So long, Telcom. Hello, Communication Services
Index providers Standard & Poor’s and MSCI are set to unveil some of the biggest changes in sector components in recent memory, with Consumer Discretionary and Information Technology () getting makeovers and Telecommunication Services disappearing altogether. Specifically, media and internet service companies will transfer from Consumer Discretionary and IT, respectively, into a newly renamed Communication Services sector that will include remnants of the former Telecom sector. Additionally, e-commerce companies will move from IT to Consumer Discretionary.
The changes, which take effect at month's end and are aimed at reflecting the current makeup of an ever-changing economy, will impact some of the biggest names in the market. Comcast, Netflix, Disney, Google and Facebook will join the ranks of Verizon and AT&T in the new Communication Services sector, creating a growth-oriented sector out of the ashes of defensive-minded Telecom. E-commerce names such as Alibaba and eBay will join Amazon in Consumer Discretionary, a further recognition of how the online boom has made retail more of a tech player. And collectively, all of these changes should meaningfully reduce the “new economy” growth characteristics of the legacy IT sector.
So what will these changes mean for investors? At an overall market level, the impact should be minimal. No stocks are entering or leaving the major indexes, nor are the weights of individual names set to change. Within the market, however, the changes could create some risk and opportunities as sector-oriented strategies adjust. For example, approximately $21 billion in trading activity is anticipated as sector exchange-traded funds () rebalance to reflect the changes. This is because 500 sector weights will be changing meaningfully, as the 1.9% currently held in erstwhile Telecom will jump to 10.2% in the new Communication Services sector, IT will shrink from 25.6% to 20.1% of the S&P and Consumer Discretionary will fall from 12.7% to 10%.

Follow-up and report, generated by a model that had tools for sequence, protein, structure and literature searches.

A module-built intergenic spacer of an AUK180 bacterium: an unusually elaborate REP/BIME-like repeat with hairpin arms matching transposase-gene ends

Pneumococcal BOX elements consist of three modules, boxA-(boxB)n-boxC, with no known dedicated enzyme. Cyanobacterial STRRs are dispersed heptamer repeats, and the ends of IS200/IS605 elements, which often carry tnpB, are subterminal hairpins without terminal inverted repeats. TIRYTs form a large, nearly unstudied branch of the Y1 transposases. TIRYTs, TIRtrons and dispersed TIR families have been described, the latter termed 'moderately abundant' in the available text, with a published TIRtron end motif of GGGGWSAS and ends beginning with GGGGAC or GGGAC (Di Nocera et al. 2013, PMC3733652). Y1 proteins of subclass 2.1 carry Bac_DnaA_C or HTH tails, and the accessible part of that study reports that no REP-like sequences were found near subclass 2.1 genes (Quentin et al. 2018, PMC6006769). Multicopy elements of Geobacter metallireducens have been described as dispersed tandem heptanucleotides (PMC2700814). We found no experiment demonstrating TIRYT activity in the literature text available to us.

Such turnover could create some short-term volatility into month-end, but going forward, the changes may have more far-reaching implications. Prior to the changes, AT&T and Verizon were the stalwarts of dividend-minded Telecoms. Going forward, these companies will have to compete for capital with three-fifths of the FAANGs—Netflix, Google and Facebook (Apple will remain in IT and Amazon already is in Consumer Discretionary)—in addition to other media giants in the Communication Services sector. By contrast, because older tech names such as Cisco and Microsoft no longer will vie for capital within the IT sector with such higher-growth names as Google and Facebook, they may get a second look from investors. For the retail-oriented Consumer Discretionary sector, the impact may be mixed as traditional retailers no longer will have to compete with large media names but will confront more rapidly growing e-commerce competitors.
These new dynamics may mean certain names may react differently to quantitative factors or fundamental news than they have in the past, underscoring the need for thoughtful active management to identify the risks and opportunities posed by these changes. Federated’s equity teams have undertaken these analyses and, if they haven’t already, will be sharing them with clients soon, so stay tuned.